PLANNING DEATH AT FIREFIGHTER TRAINING: THE ROOKIE ROAST
Monday, January 29, 2007
HIGH SPRINGS, FL. A fire raged Sunday at a High Springs home, but this blaze had no ties to tragedy, heartache or even significant danger.
High Springs firefighters burned the home, located on Northwest First Avenue between 12th and 13th Streets, as a way to train new firefighters.
The group of 16 firefighters, two of whom were from a Bell fire unit, and the rest from High Springs began training with smoke exercises at the home at 7:30 a.m. and continued well into the afternoon until actually lighting the home and burning the structure.
High Springs Fire Chief Terry Jewell helped oversee the training, in which new firefighters were paired up with those who had more experience and were put to the test in numerous ways. These rookies had to undergo a "rookie roast" in which they stayed in a room with their partner until they couldn’t take the heat any longer.
The smoke training, Jewell said, helps get new firefighters acclimated to working in completely dark rooms while wearing their heavy gear.
We smoke the house up to a black state where you cant see anything, and we do rescue operations with either a live person on air or a child simulator, he said. Its a good tool for us to learn ...where we need to go with them.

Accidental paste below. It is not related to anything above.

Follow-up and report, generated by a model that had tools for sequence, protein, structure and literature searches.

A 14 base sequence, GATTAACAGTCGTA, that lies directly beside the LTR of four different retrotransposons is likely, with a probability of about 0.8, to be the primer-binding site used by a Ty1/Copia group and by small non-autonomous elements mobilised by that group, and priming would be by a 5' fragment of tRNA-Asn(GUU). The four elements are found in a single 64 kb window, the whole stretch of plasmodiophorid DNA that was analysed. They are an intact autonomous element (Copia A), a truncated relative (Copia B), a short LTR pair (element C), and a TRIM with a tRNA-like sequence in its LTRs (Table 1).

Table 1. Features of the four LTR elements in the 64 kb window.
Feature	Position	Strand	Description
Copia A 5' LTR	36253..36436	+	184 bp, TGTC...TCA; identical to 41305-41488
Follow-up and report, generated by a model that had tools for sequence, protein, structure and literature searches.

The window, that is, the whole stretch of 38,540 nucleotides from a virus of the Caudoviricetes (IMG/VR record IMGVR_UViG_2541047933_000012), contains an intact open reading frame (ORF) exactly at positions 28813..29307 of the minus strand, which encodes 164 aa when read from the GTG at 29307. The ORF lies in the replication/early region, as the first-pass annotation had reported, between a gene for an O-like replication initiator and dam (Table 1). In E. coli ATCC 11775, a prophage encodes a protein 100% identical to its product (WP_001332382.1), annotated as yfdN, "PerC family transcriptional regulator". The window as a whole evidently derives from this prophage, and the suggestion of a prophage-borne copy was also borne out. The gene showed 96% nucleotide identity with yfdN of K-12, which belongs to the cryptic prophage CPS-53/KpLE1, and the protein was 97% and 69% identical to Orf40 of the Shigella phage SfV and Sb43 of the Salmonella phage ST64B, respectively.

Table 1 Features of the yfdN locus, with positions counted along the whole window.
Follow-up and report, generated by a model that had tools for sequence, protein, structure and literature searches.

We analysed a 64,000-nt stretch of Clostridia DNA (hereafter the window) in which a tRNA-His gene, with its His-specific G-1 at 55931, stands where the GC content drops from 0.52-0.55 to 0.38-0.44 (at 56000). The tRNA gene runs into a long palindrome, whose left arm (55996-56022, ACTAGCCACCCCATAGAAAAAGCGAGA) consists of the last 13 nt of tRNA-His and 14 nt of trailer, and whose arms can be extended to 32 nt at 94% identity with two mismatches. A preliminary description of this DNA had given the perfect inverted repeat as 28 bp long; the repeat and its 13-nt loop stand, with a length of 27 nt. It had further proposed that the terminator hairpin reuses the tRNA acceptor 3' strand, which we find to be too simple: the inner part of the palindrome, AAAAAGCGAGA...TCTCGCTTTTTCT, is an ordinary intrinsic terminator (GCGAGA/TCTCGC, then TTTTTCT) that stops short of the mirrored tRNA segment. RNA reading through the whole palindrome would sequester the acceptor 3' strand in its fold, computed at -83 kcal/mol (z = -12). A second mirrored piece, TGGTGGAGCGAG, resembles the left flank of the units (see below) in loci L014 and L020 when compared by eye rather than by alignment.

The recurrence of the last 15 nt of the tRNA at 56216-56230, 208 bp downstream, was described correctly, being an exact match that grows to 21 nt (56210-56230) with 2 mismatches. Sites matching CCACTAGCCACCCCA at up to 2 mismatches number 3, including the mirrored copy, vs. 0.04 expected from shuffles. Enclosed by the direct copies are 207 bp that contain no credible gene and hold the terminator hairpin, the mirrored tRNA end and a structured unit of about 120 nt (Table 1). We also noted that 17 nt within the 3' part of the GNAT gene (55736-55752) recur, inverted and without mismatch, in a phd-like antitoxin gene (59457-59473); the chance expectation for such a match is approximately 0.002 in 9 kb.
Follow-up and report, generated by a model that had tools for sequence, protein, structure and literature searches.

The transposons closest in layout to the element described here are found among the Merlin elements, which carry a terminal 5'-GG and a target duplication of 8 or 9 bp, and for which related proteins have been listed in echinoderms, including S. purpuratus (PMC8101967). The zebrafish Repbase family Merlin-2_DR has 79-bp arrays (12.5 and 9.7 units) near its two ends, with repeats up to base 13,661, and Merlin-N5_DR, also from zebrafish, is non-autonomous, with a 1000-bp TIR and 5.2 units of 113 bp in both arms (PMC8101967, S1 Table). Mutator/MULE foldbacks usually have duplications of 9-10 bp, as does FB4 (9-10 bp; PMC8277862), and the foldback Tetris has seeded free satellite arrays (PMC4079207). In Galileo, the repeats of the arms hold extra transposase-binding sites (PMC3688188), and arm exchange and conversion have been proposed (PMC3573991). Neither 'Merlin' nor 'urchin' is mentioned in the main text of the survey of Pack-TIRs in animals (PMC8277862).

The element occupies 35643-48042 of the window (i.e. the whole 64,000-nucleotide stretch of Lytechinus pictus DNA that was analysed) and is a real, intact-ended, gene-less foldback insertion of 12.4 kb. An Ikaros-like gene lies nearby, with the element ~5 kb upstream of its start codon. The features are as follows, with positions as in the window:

Dwayne King, a firefighter/emergency medical technician of 17 years, said that rescues take time to get used to because a room full of smoke will be completely black and will have a layout that is unfamiliar to the rescuer. To add to the difficulty, a firefighter will be wearing abut 75 pounds of equipment and crawling on the floor to avoid the high temperatures on the ceiling, which can reach 1,100 degrees, King said.
After smoke training, Jewell said, the firefighters concentrated on simulating a real fire situation in a single room of the home.
Each firefighter got one or two chances to extinguish the fire in the room, Jewell said. Then, in what is known as a rookie roast, the firefighters were tested to see how long they could safely withstand the heat of an intense blaze.
We stay in there until the last possible moment to see who buckles. Jewell said. It’s not dangerous, just makes you feel like you want to leave. The idea is, you stay with your partner no matter what and its hot and dark.
A fire fighter holds a glass of flammable liquid as he prepares to ignite other areas of the home as part of the practice burn Sunday.
Lt. Bruce Gillingham, who has been a firefighter for 11 years, said that safety is the main issue when preparing for a burn.
A home that will be burned undergoes safety checks and procedures in about a month-long process that involves constant work by the firefighters themselves.
During the fire, several people keep count of everyone on scene at all times, to make sure everyone is accounted for.
Also, at least five backup people will be on a fire scene, checking to make sure that anyone inside is safe.
Even after the fire is extinguished, he said, firefighters will continue to monitor the home for at least several days to make sure that everything is put out.
Every aspect of the fire is controlled, he said, but the situation still is a great one for new firefighters to learn from and more experienced firefighters to continue their training.
Andy Pearce, who has been a firefighter/EMT for three years, said practicing in such situations gives firefighters a better idea of how they will react in an emergency.
Its a totally different world, he said of learning to work in darkness. You have to use your other senses.